Helena Mylise Sorensen
B.Sc. and M.Sc. from University of Copenhagen, currently doing a PhD in Dublin City University
B.Sc. in biochemistry, M.Sc. in Food science
Brewer, in a small brewery in Denmark
PhD student in Bioprocess Engineering
About Me: I am a PhD student in bioprocess engineering from Denmark, now working in Dublin City University. I love anything food and microbiology, and before working in DCU, I worked as a brewer making my own beers.
My name is Helena, and I currently live in Enniskerry, Co. Wicklow and I am doing PhD at Dublin City University. I am from Copenhagen, Denmark, but I have also tried living in the Netherlands as part of an exchange at my masters degree.
I love anything microbiology, and I love learning more about the world of microbes and all the fantastic things they are capable of doing! My interest and passion for food science and bioprocess engineering came from always wondering about “how”, “what” and “why” things happen in food processes: how is beer and wine made into so many different styles? what makes the blue veins in blue cheese? why does yoghurt taste acidic when milk doesn’t?
And then for my PhD research I’m asking: what can be done to improve the health benefits of foods, and how do we do that?
In my spare time I love to cook, crochet, go for walks and of course hang out with friends, family and my boyfriend!
My Work: My job is to make milk an even more powerful super-food than it already is, by using and controlling bacterial cells to make people healthier
My laboratory is a miniature version of a bioproduction plant.
My project is split up into different sections:
1: I have to find a bacteria or yeast that are good at growing in milk and that help us be healthier, by e.g. producing molecules that can improve our immune system. When I know which health benefit I want, I will run some test to see if it is also working in real life. This product with health benefits, is called a fermentate
2: When I have selected a bacteria I like, I have to figure out what is needed for it to grow. Much like people, different bacteria have different nutrients or foods that they prefer. To have as many microbes as possible to produce as much product as possible, I need to make sure that I create a perfect recipe for them to grow in, this is called the fermentation media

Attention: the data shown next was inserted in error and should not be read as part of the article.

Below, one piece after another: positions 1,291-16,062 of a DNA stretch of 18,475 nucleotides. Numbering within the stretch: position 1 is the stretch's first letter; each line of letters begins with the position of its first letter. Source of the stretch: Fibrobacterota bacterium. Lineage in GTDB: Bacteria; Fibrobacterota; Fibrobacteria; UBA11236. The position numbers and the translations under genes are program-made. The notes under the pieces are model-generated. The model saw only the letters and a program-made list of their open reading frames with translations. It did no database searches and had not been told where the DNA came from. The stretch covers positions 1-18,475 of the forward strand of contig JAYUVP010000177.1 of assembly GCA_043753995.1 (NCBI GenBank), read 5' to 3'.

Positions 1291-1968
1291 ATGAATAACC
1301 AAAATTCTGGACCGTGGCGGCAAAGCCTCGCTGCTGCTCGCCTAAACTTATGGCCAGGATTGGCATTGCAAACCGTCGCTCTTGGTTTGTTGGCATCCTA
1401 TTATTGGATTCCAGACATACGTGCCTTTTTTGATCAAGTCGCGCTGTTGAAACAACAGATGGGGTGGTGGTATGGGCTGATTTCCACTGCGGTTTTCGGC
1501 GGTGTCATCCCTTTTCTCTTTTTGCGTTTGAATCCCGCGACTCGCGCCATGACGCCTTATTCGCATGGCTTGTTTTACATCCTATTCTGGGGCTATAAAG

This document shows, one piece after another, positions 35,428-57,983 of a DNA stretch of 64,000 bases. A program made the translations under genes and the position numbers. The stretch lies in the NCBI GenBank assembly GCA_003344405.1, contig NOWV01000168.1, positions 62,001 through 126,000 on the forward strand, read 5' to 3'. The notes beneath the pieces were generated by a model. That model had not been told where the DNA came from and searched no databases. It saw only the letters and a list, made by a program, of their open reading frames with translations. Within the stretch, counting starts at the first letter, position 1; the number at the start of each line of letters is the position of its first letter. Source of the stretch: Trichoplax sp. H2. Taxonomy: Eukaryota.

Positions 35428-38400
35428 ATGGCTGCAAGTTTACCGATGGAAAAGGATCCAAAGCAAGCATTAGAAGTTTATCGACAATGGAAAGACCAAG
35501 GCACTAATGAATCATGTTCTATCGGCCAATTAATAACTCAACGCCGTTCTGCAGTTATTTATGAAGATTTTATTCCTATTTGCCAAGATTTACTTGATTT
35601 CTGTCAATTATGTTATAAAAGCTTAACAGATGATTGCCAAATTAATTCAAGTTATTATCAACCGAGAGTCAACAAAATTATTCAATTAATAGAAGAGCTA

3: When I have my bacteria and my fermentation media I now need to make sure that the living conditions are also great, by for example picking the right temperature or the right setting on my stirrer. Here, I will apply robots and computer programming to control my cells.
4: So far, all of my experiments will have been in small flasks, but to make enough for all the dairy products in the supermarkets around Ireland, I will need to make sure that my bacteria will also grow when I put it in a much bigger container.
My Typical Day: My typical day starts with checking e-mail and scheduling what I want to do for my day. At the moment I work only from home, but I will soon be back in the laboratory, where most of my days will be spent testing new ideas.
How would you describe yourself in 3 words?
What's the best thing you've done in your career?
Moved to Ireland to pursue a PhD
What or who inspired you to follow your career?
My father who is also a microbiologist taught me about how bacteria and yeast shape a lot of the food we eat, for example what happens when we're baking bread with yeast!
What was your favourite subject at school?
Biology, math and English
What did you want to be after you left school?
I always knew I wanted to work with bacteria, so I looked at different study programmes to find my best match
Were you ever in trouble at school?
No, not as I remember
If you weren't doing this job, what would you choose instead?
I would probably still work with science! Maybe astrophysics? Space and astronomy has always fascinated me!
What's your favourite food?
I love all foods!
What is the most fun thing you've done?
I think moving to different countries, making new friends and learning about other cultures! I have lived in Denmark, Netherlands and Ireland.
Tell us a joke.
Why are there no good dairy jokes? They are all too cheesy